The Court similarly rejected other arguments lodged by Fossil, again turning to the text of the statute. For instance, Fossil argued a profit award was appropriate pursuant to “principles of equity” in § 1117(a). The Court discussed the definition and meaning of “principles of equity,” finding it unlikely that Congress intended for this language to denote such a narrow rule regarding profit awards. Even considering pre-Lanham Act case law, the Court again noted that there was no clear rule regarding a willfulness prerequisite, leading the Justices to the conclusion that, at most, mens rea was an historically important consideration in awarding profits but never a requirement. As the Court pointed out, the importance of mens rea has continued under the Lanham Act, as reflected in the provision of greater statutory damages for willful violations in § 1117(c). Finally, the Court briefly rejected Fossil’s policy argument, stating that the Court would instead leave the policy decisions to the policymakers in Congress.

With this decision, trademark plaintiffs will face one less obstacle when establishing their entitlement to an award of a defendant’s profits. In practical terms, courts will likely see fewer motions for summary judgment on willfulness, as defendants may no longer use this tool to foreclose a plaintiff’s ability to obtain the defendant’s profits. Though the Court’s decision that courts may award profits absent a finding of willfulness may, in theory, open the doors to more profit awards, it is unlikely to result in windfalls to plaintiffs. As courts have long recognized, the infringer’s state of mind bears on the relief the trademark owner should receive.

The Supreme Court echoed the well-established notion that an infringer’s state of mind bears on the relief the plaintiff should receive when it clearly articulated that a defendant’s mental state “is a highly important consideration in determining whether an award of profits is appropriate” in trademark infringement actions. Romag, 2020 WL 1942012, at *4. There is just no particular mental state required for profit awards, so it remains in the discretion of the courts, and juries, to determine what is appropriate under the circumstances.

This article was published by the Media Law Resource Center (MLRC) on May 6, 2020

CDAS IP Group and Partner Nancy Wolff Recognized in Chambers USA 2020


The highly regarded “Guide to the Top Lawyers and Law Firms” described CDAS as a “highly skilled boutique offering excellent capabilities handling trademark and copyright infringement cases, as well as substantial portfolio management matters. [CDAS] exhibits expertise acting for market-leading entertainment, media and digital platform clients.” In addition to recognizing the firm for Intellectual Property: Trademark, Copyright & Trade Secrets (New York), Nancy Wolff was also recognized as “a leading attorney in IP issues relating to digital media, counseling clients in a broad range of matters including disputes and licensing.”


Nancy Wolff Featured in ABA Grassroots Initiative Discussing the CASE Act

As part of ABA Day, Nancy participated in a CASE Act Introduction and discussed implications of The Copyright Alternative in Small-Claims Enforcement (CASE) Act of 2019 and its creation of the Copyright Claims Board as an alternative forum to pursue low-value claims of $30,000 or less. Listen to the panel here.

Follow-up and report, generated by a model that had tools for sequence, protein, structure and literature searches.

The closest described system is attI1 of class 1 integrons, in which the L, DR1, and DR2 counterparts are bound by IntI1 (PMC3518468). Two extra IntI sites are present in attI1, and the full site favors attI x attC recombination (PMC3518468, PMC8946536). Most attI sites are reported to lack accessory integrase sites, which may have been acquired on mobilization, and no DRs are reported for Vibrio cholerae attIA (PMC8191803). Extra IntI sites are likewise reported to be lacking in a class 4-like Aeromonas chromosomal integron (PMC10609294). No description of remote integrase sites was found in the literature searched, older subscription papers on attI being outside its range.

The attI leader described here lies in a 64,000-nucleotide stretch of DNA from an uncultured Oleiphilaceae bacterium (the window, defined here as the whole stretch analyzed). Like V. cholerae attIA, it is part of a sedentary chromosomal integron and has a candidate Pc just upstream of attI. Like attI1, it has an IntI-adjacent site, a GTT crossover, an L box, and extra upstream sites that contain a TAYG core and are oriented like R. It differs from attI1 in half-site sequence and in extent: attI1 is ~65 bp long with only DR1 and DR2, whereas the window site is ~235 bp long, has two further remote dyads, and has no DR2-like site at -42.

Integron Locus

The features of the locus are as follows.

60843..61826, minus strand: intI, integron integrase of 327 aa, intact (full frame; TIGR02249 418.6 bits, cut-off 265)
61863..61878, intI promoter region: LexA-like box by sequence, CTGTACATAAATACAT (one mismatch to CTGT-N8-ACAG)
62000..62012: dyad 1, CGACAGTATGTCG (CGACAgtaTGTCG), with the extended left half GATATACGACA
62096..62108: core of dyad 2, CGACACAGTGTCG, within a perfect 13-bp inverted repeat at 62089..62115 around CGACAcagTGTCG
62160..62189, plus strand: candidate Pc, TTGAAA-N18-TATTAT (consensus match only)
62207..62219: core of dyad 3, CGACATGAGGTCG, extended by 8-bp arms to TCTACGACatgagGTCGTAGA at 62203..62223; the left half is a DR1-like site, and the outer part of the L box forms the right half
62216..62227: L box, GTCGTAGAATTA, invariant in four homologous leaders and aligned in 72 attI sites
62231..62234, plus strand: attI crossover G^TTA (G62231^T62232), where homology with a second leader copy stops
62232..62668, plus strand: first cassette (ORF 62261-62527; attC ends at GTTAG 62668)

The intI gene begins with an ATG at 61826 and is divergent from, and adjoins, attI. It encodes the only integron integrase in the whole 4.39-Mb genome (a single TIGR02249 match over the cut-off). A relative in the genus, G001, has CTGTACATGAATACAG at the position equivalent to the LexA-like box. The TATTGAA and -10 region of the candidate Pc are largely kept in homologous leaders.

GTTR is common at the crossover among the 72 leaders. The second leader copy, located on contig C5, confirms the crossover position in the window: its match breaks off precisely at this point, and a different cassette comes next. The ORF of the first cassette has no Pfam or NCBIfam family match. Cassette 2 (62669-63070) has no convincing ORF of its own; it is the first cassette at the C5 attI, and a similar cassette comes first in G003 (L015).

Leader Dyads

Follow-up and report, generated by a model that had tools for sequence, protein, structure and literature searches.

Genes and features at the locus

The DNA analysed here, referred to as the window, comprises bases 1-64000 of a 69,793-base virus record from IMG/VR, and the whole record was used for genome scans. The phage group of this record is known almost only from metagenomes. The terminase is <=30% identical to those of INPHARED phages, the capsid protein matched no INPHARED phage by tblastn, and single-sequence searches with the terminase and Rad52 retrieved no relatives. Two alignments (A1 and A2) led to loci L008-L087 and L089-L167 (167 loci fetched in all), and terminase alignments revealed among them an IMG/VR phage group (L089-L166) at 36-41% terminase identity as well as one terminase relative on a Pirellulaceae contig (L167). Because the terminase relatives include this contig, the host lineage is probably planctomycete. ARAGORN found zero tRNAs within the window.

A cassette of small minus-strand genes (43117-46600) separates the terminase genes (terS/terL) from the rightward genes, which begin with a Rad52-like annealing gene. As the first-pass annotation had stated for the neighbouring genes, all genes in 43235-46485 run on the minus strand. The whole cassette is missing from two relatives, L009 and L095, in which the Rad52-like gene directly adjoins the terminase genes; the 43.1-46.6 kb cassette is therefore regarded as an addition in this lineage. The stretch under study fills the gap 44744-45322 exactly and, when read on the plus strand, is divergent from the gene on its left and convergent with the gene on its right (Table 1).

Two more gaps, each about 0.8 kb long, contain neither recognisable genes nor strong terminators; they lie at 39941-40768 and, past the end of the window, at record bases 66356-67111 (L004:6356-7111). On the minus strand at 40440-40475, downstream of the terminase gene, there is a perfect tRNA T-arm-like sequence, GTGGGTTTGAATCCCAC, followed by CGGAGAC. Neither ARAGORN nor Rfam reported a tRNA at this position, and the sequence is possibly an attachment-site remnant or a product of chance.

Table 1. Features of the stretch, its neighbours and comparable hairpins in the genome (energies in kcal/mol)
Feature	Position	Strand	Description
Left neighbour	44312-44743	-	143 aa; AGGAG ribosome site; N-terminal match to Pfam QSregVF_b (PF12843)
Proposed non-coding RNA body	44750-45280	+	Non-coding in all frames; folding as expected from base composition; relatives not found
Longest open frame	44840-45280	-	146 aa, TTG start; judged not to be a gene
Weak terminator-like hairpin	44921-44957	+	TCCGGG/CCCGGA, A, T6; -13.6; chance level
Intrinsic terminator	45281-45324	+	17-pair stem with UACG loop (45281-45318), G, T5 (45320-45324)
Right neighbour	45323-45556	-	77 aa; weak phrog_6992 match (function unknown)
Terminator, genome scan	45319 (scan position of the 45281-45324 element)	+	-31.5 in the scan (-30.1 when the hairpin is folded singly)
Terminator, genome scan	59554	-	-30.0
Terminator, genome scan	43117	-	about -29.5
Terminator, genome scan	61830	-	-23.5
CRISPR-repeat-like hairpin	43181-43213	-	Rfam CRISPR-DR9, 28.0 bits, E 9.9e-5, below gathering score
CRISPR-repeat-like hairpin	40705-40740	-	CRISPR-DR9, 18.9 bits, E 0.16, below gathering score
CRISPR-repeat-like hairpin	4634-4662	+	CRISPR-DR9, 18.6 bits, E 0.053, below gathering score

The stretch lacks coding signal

Contractual Disruptions: How They Arise and How to Prepare

By Elizabeth Altman and Tyler Horowitz

With the recent spread of the novel coronavirus COVID-19 and its unprecedented precipitation of social-distancing, work-from-home policies, shelter-in-place orders, and limitations on foreign travel, many individuals may be questioning whether certain contractual obligations are excused. This article provides a primer on the contract concepts of force majeure, impossibility and impracticability, and related provisions that affect, and may in certain instances excuse, performance of contractual duties owing to changed circumstances outside any signatory’s control.

Force Majeure

A force majeure clause is a contract provision that excuses a party’s performance of its obligations under a contract when events beyond the party’s control make performance impossible. To invoke a contract’s force majeure clause, a party must typically demonstrate that (1) a disruptive event enumerated by the force majeure clause has occurred; (2) the risk of nonperformance was not foreseeable; and (3) that the event has rendered the party’s performance impossible.

A party looking to invoke a force majeure clause must follow several steps:

First, a party must examine the contract’s definition of what constitutes a “force majeure” event and demonstrate that the change in circumstances was included within the definition. Force majeure events will have been enumerated within a force majeure clause and generally include: Acts of God; severe acts of nature or weather events including floods, fires, earthquakes, hurricanes, or explosions; war; acts of terrorism; epidemics; acts of governmental authorities such as expropriation or condemnation; changes in laws and regulations; and strikes and labor disputes.